Dr Natrah's Attachment at Scripps Institution of Oceanography: Week 6

16 JUNE 2014
Week 6: 12 May – 16 May 2014
Attachment in the lab of Marine Microbial Ecology under Prof. Dr Farooq Azam
Scripps Institution of Oceanography, San Diego, United States Of America
In understanding the interaction of microbes within a host, it is also important to understand the host itself. There are different hosts associated microbes that are commonly being studied in aquatic microbial ecology and one of them is the coral.
Not many people realise that coral is actually living animals that have existed for 200 million years. It is an invertebrate that are made up of numerous soft bodied animals called coral polyps. To date, there are about 6,000 coral species around the world. Corals are important elements for marine ecosystems which support over one quarter of all marine species, protecting the coastlines from erosion. The corals also nicknamed as the ‘rainforests of the sea’ act as a home to thousand of fish varieties, invertebrates and many other aquatic animals.
Corals also are symbiotically associated with various types of microorganisms including microalgae and bacteria. The symbiosis with algae gives the coral its colour. Examples are the zooxanthellae algae that live within the tissues of the polyps and the corralline algae. Both algae provide food (organic nutrients) and oxygen while the coral provide shelter and carbon dioxide for the algal photosynthetic activity. The symbiosis is so important that coral will become white (bleached) without the algae.

                                                 Healthy coral reef with algal symbiont

                                          Bleached coral reef without the algal symbiont

Current trends show that coral reefs continue to decline. This is because the organism is very sensitive in nature and studies have shown that it is diminishing globally. It has been estimated that around 19% of coral reefs are lost and 35% will be further lost in the next 20-40 years. Some of the threats are natural (diseases, predator and storm) and some are caused by humans e.g., overfishing, pollution leading to climate change and ocean acidification. These threats are among the factors that cause coral stress, leading to coral bleaching making them susceptible to diseases and death. There are also efforts to restore the reef through coral propagation. This is done through collection of coral fragments and reproduction in nursery tanks before being transplanted again into the ocean.
In Scripps, coral reefs are among the major topics that are being studied by different labs. Among the studies are the fundamental research on coral biology, ecology, microbiology and diseases. In Azam’s lab, the concept of “coral holobiont” has been introduced. Azam and colleagues observed that each coral species has its own distinct microbial communities which are diverse even the adjacently located. The researchers are now investigating the role of coral mucus in aquatic microbial ecology.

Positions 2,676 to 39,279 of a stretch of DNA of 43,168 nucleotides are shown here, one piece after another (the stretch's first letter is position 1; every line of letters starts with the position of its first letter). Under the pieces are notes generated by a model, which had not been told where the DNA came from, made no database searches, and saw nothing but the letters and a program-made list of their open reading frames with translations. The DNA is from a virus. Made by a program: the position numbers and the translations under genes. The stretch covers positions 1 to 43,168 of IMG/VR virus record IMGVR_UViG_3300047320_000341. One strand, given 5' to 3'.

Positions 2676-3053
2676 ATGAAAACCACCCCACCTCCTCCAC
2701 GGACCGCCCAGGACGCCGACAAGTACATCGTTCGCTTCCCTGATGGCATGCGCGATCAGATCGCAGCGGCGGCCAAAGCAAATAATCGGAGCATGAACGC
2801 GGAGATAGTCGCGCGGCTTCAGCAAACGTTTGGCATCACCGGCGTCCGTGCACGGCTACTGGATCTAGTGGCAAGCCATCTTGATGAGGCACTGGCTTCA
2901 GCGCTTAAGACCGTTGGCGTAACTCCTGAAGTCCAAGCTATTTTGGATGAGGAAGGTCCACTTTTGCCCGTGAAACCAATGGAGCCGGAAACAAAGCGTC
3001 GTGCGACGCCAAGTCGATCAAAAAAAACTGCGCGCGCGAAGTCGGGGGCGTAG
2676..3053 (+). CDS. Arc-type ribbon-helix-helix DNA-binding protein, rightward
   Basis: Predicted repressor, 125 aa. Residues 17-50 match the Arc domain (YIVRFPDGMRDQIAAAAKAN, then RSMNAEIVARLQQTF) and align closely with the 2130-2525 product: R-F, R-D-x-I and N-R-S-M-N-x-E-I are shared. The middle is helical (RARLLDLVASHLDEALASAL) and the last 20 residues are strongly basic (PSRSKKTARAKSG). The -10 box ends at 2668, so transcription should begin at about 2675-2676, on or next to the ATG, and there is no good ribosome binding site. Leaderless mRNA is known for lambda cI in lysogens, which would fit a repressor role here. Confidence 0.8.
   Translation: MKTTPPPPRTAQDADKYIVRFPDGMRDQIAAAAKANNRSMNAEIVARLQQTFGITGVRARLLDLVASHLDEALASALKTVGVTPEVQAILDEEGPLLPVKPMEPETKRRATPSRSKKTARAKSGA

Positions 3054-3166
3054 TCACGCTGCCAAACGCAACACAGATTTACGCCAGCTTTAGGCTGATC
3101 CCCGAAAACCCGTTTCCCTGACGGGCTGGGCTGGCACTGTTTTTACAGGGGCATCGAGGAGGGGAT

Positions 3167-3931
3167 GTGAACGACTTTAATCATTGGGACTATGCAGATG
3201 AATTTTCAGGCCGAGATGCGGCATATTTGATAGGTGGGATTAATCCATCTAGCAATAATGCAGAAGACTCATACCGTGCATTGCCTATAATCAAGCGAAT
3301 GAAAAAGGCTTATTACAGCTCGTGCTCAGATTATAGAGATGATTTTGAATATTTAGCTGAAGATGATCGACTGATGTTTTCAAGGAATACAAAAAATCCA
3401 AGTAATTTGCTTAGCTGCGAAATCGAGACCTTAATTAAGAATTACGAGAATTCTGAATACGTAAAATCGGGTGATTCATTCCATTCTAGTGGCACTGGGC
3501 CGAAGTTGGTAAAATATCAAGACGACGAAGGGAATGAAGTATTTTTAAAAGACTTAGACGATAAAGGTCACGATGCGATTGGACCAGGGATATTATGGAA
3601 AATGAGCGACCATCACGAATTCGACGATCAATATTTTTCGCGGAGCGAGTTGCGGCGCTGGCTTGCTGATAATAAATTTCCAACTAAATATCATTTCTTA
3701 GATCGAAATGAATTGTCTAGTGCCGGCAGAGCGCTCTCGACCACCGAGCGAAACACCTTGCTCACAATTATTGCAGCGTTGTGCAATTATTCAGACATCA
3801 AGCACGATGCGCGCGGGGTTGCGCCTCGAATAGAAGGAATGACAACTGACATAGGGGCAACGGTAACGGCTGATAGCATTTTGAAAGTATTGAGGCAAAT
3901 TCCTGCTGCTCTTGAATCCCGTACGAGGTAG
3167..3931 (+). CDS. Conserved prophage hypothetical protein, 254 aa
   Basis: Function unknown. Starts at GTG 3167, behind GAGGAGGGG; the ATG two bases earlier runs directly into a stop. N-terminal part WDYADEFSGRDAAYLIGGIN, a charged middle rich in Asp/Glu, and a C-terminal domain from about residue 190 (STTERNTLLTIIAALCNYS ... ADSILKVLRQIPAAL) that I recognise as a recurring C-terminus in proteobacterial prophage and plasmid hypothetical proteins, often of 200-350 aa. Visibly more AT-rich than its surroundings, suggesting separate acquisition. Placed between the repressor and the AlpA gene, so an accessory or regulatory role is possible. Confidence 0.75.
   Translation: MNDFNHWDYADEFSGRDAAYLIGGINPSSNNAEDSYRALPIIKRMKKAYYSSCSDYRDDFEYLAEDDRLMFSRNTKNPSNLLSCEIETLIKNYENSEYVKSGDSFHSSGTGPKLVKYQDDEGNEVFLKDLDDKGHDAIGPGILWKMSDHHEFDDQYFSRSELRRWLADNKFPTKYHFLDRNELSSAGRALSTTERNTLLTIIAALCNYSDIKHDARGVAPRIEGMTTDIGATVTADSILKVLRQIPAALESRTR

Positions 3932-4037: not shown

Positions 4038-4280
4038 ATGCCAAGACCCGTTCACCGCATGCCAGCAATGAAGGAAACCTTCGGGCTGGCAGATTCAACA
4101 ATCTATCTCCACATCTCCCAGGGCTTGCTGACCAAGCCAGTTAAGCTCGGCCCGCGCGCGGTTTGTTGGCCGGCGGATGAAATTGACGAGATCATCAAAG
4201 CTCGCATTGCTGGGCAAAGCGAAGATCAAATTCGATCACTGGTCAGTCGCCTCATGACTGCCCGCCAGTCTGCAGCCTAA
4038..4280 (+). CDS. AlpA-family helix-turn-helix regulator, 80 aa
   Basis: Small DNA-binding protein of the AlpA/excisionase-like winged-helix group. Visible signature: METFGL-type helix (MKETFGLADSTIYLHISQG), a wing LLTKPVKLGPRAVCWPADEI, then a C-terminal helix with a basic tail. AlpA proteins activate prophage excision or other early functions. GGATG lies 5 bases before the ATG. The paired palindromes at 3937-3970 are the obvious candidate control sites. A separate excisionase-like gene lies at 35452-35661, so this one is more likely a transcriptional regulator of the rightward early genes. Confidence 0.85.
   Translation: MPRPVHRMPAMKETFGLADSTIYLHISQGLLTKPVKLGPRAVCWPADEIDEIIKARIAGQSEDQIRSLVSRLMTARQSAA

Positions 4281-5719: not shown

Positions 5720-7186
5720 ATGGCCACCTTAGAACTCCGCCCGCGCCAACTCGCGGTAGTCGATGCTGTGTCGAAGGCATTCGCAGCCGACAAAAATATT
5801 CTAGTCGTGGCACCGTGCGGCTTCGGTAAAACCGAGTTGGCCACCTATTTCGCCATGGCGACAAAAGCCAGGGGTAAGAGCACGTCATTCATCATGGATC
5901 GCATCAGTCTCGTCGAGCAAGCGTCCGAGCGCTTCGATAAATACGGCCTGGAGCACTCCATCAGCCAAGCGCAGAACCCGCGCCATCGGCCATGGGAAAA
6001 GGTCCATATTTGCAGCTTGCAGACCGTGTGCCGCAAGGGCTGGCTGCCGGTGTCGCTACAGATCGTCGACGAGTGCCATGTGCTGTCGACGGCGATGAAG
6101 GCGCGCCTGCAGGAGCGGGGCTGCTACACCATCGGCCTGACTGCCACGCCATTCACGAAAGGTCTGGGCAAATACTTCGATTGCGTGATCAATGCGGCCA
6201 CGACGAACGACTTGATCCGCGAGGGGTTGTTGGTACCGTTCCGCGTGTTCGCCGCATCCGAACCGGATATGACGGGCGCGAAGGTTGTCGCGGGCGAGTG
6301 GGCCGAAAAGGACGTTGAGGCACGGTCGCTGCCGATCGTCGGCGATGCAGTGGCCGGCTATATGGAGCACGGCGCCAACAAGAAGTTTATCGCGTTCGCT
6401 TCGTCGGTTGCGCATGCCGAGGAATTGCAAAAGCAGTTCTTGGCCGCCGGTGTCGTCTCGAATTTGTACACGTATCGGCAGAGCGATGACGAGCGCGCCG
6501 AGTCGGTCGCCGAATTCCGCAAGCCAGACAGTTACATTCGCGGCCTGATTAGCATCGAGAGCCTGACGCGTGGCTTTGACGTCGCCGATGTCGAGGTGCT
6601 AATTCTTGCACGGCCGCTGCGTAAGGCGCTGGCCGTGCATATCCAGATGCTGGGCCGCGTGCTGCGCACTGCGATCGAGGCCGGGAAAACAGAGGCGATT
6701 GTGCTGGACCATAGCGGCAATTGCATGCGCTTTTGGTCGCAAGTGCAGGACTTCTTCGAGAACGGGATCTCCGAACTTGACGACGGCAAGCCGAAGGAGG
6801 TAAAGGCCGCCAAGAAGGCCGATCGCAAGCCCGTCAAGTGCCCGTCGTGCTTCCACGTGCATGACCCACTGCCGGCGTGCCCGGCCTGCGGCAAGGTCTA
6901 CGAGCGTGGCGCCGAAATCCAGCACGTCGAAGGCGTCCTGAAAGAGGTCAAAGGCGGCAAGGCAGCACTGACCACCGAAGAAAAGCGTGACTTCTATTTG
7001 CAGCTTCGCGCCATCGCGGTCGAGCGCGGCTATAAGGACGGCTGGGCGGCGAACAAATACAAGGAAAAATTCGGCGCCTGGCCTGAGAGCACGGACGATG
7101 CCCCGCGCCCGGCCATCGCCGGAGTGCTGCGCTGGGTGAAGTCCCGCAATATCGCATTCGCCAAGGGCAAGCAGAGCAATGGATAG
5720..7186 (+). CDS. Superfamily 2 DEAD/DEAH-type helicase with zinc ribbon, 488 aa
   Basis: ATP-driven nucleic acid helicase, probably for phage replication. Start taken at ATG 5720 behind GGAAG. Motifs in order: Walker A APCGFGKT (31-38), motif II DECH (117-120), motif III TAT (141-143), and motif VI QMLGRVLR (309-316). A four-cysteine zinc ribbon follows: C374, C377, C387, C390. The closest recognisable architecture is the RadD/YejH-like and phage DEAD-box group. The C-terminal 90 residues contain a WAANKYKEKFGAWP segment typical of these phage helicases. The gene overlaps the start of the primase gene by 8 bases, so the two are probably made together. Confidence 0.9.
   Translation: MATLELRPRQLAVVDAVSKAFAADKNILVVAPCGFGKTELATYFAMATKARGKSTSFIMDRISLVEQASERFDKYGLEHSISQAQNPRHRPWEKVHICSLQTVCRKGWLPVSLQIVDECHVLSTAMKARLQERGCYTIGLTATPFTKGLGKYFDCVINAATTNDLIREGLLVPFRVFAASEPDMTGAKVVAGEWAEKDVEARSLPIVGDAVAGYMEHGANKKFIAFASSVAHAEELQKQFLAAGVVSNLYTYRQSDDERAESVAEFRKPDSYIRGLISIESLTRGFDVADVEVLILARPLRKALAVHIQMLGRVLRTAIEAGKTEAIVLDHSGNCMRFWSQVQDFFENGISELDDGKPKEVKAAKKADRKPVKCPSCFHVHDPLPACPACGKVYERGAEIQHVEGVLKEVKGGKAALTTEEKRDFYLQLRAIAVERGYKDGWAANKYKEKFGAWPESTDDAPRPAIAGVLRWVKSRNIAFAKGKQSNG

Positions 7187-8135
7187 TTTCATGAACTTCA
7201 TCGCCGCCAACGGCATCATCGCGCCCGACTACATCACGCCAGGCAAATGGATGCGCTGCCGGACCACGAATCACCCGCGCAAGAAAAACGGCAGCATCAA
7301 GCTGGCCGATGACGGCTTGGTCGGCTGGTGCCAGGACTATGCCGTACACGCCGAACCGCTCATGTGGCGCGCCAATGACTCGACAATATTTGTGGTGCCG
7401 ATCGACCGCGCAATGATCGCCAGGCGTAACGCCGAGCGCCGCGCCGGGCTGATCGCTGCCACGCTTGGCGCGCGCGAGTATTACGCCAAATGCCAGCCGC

Coral fragments for research in Scripps
In Malaysia, a network between six countries (Malaysia, Indonesia, Papua New Guinea, Philippines, Solomon Islands and Timor Leste) known as the ‘Coral Triangle Initiative’ has been formed in 2007. The network aims to address the threat on coral reefs and protect the coral triangle of 647 million hectares of land and sea in the territories of these six countries. It is one of the most biologically diverse and ecologically rich regions on earth with 600 corals and 2,500 of different world’s reef fish species.
1. Lectures of Prof. Dr. Farooq Azam and Prof. Dr. Forest Rohwer



Dr Edison Lee Tian Khoon
Dr Edison headed to Sweden’s Uppsala University, where he joined the Department of Chemistry, Ångström Laboratory, as part of his attachment stint. He is currently carrying out active research in polymer electrolyte and nanomaterials for Lithium-ion batteries. Read more about him here:
Innovating the Energy Ecosystem
Chrishen R. Gomez
Having attended the prestigious Ivy League Brown University as part of his attachment programme, 27-year-old Chrishen is now with the Wildlife Research and Conservation Unit at Oxford University. Chrishen is busy developing a genetic-based research project on the Sunda Clouded Leopard. Read more about him here: Conserving Our Forests & Future
Dr Zetty
Dr Zetty is currently working on anti-cancer compounds found in Malaysian seaweed and has continued to pursue her original project proposal of microalgae vaccine carriers for fish. A working solution has been patented by Dr Zetty and will be deployed within the coming year.
We use cookies to enhance your browsing experience and for analytical purposes. By continuing to browse, you are deemed to accept our use of cookies. Learn more about disabling cookies and our Privacy Statement here.